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should have been required to pronounce the word slowly, so that he might apprehend the sound of each element thereof. If after this experience he should still have been confused in regard to the last syllable, the teacher should have asked him to pronounce it very slowly so as to separate it phonetically, when he could not have failed to discover his error. The teacher should not have called up any special thing she had taught him. By means of skilful questions she should have led him to analyze the situation before him, so that he might apply to it what he had been taught that would help him to solve his problem. Then he would have been selfhelpful in a real sense, because he would have learned how to assist himself on similar occasions in the future.
During the recitation period in which “sirloin” was being spelled the expression “all right” came Making it unneces- up for attention. One pupil sary for pupils to use spelled it "alright”. The their experiences teacher said, "You are not correct; try it again.” This time the boy said "alwrite”. Then followed this comment by the teacher: "When you spelled it the first time the last part, ‘righť, was correct. You should not have changed that, but it was the first part that was wrong. Now try it and spell ‘all’.” In this way the pupil was led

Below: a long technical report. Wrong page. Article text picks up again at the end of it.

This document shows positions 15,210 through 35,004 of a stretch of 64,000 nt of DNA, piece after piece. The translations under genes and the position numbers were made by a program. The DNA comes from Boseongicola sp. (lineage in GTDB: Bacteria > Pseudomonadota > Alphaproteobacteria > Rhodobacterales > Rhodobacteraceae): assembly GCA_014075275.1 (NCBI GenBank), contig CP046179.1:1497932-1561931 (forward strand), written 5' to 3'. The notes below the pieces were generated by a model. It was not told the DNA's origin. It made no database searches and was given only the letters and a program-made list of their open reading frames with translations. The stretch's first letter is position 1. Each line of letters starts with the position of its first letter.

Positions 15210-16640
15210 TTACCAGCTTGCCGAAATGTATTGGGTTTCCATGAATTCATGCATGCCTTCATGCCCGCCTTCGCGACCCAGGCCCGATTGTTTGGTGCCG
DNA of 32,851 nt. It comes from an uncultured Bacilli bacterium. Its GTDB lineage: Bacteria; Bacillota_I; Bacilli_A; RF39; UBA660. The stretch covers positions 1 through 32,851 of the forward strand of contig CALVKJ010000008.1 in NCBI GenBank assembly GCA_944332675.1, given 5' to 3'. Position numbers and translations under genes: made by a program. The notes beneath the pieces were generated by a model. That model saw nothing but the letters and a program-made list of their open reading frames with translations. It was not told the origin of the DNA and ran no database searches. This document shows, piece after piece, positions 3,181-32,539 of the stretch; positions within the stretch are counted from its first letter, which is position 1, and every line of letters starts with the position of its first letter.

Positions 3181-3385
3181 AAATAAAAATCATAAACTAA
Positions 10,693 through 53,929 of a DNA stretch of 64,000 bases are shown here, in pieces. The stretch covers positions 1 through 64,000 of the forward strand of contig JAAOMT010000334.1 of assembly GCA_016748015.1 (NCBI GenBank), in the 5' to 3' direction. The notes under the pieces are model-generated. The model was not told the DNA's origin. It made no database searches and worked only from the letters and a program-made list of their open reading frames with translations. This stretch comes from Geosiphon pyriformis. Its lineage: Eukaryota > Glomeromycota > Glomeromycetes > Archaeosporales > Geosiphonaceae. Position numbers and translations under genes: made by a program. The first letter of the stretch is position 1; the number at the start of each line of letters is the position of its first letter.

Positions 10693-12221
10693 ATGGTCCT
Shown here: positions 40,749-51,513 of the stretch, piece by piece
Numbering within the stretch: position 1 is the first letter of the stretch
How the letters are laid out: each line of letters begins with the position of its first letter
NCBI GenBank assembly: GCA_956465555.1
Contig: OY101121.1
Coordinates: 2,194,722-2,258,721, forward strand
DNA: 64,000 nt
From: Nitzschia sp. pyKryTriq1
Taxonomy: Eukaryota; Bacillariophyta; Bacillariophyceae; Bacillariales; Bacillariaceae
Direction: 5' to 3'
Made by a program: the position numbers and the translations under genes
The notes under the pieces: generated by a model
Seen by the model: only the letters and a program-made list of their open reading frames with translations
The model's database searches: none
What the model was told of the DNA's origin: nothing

to spell the word correctly. This case, like the first, shows a lack of skill in training a pupil to be selfhelpful. The teacher should not have told him that “right” was correct until he himself had discovered from an analysis of the word and its meaning that it was so. She should have required him to state what the word to be spelled meant, and then what “write” meant; and this would have led him to see that it was wrong to use this latter form. He was, of course, confused by the identity of the sound of the two words, and he was not really thinking of what the word to be spelled denoted. He was proceeding more or less automatically in response to the sound, which is apt to become a habit with pupils who are depending upon others to assist them in straightening out their errors. If in all their work children could be held to an analysis of what they were attempting to do, so that they might bring to bear on the thing in hand their past experience with similar things in respect alike to meaning and to form, they would acquire a tendency to do this on every new occasion, which would be the greatest safeguard against the making of errors. This is really what the principle of self-activity demands; and the teacher who can utilize it to the greatest degree will certainly achieve the highest success in his work.
Most teachers feel they ought to assign tasks to be done by their pupils at home. It is expected that Home study by pu
parents will render assistance in pils and training in the performance of these duties. self-helpfulness